2. Leave the conventional oil and gas royalty system as is. We are in a basin that consistently yields smaller and smaller pool discoveries. The cost per barrel of finding these pools is increasing. We must accept that Alberta is at a disadvantage regarding potential discoveries in conventional oil and gas and work to remain competitive in attracting capital.
3. We should not break deals currently in place without consultation with the industry. The report suggests that it is common place for governments to change deals with companies around the world. The Alliance Party suggests that we should be what Albertans want us to be and that is deal-keepers. We can make changes only through consultation with those who are investing and Albertans themselves. Albertans want Alberta to be known as trustworthy. This is not just a moral obligation but a practical financial one. International investors will certainly think twice about putting money into this province if they know their deals with the government aren't worth the paper they are printed on.
4. After consultation and with contribution from industry, increase oil sands royalties on the front end by 1% in a progressive four year phase-in. When fully phased in, this would result in an increase of $292 million per year by 2010 and $438 million per year by 2016 when bitumen production will have risen to three million barrels per day (based on $40 per barrel bitumen.) The phase in period will give industry proper time to adjust for the increased burden. The 1% would continue after projects payout as well, in essence be a Gross Overriding Royalty.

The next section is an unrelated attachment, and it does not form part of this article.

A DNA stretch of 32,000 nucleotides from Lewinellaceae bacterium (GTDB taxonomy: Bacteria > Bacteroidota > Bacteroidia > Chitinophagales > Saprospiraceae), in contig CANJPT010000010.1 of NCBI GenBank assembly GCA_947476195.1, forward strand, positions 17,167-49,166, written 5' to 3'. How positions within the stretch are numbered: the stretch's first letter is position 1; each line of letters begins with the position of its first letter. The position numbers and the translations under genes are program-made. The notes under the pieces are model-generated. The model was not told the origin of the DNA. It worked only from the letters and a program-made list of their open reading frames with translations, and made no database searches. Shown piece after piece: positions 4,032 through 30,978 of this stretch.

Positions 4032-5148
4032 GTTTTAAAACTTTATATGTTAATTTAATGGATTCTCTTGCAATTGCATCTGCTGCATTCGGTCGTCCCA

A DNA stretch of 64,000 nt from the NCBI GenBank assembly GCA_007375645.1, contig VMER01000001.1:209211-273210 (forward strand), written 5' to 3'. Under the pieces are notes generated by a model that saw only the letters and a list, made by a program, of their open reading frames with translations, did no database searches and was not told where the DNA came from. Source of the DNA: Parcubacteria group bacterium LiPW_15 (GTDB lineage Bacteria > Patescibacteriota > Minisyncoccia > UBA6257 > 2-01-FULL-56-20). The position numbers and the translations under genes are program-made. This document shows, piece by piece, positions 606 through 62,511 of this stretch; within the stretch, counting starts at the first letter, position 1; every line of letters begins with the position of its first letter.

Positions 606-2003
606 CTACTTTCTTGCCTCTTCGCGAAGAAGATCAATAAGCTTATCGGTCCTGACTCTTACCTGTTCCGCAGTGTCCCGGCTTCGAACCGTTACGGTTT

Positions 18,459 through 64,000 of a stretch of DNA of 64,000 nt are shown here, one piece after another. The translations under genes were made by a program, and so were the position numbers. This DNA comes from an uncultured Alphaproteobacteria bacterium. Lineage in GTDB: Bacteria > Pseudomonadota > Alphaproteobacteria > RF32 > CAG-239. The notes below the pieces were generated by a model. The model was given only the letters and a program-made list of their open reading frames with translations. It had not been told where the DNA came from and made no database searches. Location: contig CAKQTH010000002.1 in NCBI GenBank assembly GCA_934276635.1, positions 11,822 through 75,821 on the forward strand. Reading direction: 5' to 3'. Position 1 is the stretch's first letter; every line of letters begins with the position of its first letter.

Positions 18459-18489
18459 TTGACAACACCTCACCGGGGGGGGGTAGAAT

The Alliance Party is convinced that if the report in its current form is implemented that it will result in catastrophic consequences for all Albertans through our collective connection to the oil and gas industry.
Other Alliance Points of Contention with the Report
* The panel had no mandate to suggest what should be done with the additional two billion dollars it suggests the government should grab. It is the underlying belief of the Alliance Party that money in the hands of business and people is far better spent than in the hands of government. The PC government over the past several years has demonstrated that clearly. Most industry profits are reinvested in more drilling or paid out to shareholders. It is well understood that primary dollars such as oil and gas industry profits will have a five to seven times multiplier in growing the economy of Alberta. Why not turn the two billion into 14 billion rather than allow the government to waste money on projects that will only increase costs to taxpayers?
* We feel that the Alberta Department of Energy has performed in line with the expectations given to them by the Government of Alberta. Any changes should be in who the government is and not by adding more departments and ministries as suggested by the panel.
* In comparing Alberta with some of the states in America, little recognition is given to distance from markets and the harsh climate we must build and design for, in Alberta.
* The report regrettably does not acknowledge the fact that the Alberta oil sands are unique in this world and should be treated so, rather than being compared to some heavy oil projects in the world.